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SC commutes death sentence: Mahendra Das gets life imprisonment

By SPl Correspondent

NEW DELHI, May 1 � In a major relief to death row convict, Mahendra Nath Das, the Supreme Court on Tuesday commuted his death sentence to life imprisonment, but he has to remain in jail till his death. Awaiting his hanging since 1997, he is currently lodged in Jorhat Central Jail.

A bench of Justice G S Singhvi and Justice Ranjana Kumari Desai allowed the plea of Das on the ground that the President had taken eleven years to decide on his mercy plea. Das had approached the Supreme Court for commutation of his death sentence, since he had already spent about 14 years in jail during the disposal of his petition seeking Presidential clemency.

Legal experts had almost written off his case after the apex court refused to grant a similar relief to Khalistani terrorist Devinderpal Singh Bhullar on the ground of delay in deciding mercy plea.

After waiting for about 18 years for the authorities to carry out his sentence, Das had lost all hopes, when his mercy petition was rejected by the then President Pratibha Devisingh Patil.

He had moved his mercy plea in 1999, which remained pending for 11 years before the President finally rejected it in 2011.

Mahendra Das�s family had first moved a mercy petition with the then President KR Narayanan in 1999. The plea was finally turned down in May 2011 by President Pratibha Devisingh Patil, setting the stage for his hanging. The Gauhati High Court, on September 8, 2011, dismissed a writ petition filed by the convict�s mother, Kusumbala Das, for commuting her son�s death sentence to life imprisonment, holding that she had no locus standi to file it on behalf of her son.

Das, while out on bail in another case, had beheaded a person at Fancy Bazar in Guwahati and surrendered with the victim�s head on April 24, 1996. His conviction and sentence was subsequently upheld by the Gauhati High Court in 1998 and the Supreme Court in 1999.

Das was sentenced to death by the Sessions Judge, Kamrup on August 18, 1997 in connection with the murder of one Harakanta Das in Guwahati on April 24, 1996. The death sentence was confirmed by Gauhati High Court on February 3, 1998, while Supreme Court upheld the death sentence on May 14, 1999.

Death row convict Das launched a �Gandhian� fast-unto-death in the Jorhat Central Jail last year, demanding abolition of capital punishment. He was shifted to Jorhat Medical College Hospital after his condition deteriorated.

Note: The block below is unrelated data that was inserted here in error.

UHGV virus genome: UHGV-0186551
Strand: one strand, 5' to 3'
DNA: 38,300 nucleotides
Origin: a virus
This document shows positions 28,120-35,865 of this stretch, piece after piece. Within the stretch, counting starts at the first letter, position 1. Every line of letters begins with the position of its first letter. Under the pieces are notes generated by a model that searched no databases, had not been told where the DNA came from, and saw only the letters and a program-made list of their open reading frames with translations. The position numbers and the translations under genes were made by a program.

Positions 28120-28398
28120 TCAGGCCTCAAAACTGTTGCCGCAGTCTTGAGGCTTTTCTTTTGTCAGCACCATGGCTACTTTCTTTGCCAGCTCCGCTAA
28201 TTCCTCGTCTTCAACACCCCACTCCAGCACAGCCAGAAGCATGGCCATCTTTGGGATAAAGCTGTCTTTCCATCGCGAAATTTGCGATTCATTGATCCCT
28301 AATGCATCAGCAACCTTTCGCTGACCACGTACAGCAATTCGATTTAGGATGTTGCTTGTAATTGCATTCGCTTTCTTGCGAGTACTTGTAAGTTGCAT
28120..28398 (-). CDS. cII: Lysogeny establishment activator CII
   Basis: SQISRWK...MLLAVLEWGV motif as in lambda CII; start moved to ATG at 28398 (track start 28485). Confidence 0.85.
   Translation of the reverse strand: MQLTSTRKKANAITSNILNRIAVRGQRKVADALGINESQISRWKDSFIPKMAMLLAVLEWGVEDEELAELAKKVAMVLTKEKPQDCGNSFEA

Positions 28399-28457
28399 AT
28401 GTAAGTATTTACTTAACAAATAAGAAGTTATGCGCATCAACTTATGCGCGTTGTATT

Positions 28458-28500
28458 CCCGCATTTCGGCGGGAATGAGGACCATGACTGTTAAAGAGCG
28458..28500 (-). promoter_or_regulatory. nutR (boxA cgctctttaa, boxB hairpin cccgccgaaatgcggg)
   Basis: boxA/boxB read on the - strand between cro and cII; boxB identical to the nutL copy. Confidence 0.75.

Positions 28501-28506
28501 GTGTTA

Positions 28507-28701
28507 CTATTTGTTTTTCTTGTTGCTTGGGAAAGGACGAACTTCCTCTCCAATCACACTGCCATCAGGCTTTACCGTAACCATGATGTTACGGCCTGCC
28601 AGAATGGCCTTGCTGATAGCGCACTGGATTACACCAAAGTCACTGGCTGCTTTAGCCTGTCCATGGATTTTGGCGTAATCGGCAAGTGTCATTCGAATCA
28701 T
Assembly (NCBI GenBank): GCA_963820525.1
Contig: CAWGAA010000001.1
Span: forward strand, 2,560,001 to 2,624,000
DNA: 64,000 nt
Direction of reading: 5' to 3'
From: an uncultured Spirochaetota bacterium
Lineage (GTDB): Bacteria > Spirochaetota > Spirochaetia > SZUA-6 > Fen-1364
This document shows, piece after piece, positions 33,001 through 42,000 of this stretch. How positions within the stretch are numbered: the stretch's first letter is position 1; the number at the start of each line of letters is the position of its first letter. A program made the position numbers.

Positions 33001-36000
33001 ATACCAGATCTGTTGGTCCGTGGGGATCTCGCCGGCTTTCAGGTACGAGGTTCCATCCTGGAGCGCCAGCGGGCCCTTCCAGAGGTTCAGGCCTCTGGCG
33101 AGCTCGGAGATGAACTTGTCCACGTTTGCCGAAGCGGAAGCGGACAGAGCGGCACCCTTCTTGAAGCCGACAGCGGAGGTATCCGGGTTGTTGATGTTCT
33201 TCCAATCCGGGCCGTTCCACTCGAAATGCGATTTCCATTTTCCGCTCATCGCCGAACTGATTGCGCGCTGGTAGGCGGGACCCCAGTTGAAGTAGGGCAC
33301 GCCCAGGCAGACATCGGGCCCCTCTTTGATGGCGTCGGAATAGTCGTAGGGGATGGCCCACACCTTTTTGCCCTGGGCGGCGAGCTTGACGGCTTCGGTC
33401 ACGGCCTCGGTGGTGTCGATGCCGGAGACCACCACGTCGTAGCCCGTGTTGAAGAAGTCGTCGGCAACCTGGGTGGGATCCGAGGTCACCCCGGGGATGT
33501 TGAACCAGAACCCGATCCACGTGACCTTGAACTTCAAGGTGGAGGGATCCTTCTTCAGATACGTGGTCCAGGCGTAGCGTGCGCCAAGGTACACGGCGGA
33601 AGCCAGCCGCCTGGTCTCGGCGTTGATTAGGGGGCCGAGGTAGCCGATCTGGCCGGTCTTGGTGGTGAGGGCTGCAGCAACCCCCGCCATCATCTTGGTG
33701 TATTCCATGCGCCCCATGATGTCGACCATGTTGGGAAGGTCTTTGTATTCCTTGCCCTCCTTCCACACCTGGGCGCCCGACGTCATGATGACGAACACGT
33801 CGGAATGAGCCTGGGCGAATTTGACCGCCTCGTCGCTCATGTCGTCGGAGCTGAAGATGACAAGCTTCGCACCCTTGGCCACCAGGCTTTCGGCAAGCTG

�Capital punishment, like so many other things, is a legacy left behind by the British who treated us like slaves. I have been waiting in the prison with a death penalty for 17 years now. At this moment I pray to you to not only do away with my death sentence but also release me from prison as I have already served imprisonment more than a life sentence,� Das had said in a letter addressed to the Chief Justice of India.

In 2012, Das had filed a Special Leave Petition (SLP) in Supreme Court after his mercy petition was rejected by the President and his plea for commutation to life imprisonment was dismissed by the Gauhati High Court. He had challenged the Gauhati High Court�s order

Das, in his SLP, had contended that the delay in deciding his mercy petition by the President and finally giving the assent for the death sentence had resulted in excruciating agony and trauma for almost 12 years for no explainable reasons and this was a valid ground for awarding life sentence.

In December last, a bench headed by Justice Singhvi in its order had remarked that information made available by the President�s Secretariat on June 2, 2011 show that as many as 17 mercy petitions were processed. The bench asked the Additional Solicitor-General to place before the court a compilation containing details of mercy petitions received by the Government of India and the governments of different States and their status as on the date of preparation of the compilation.

Even Amnesty International expressed concern over his imminent execution. In June 2011, Amnesty International had expressed concern over the imminent execution of Mahendra Nath Das of Jorhat in Assam following the rejection of his mercy petition by President Pratibha Patil.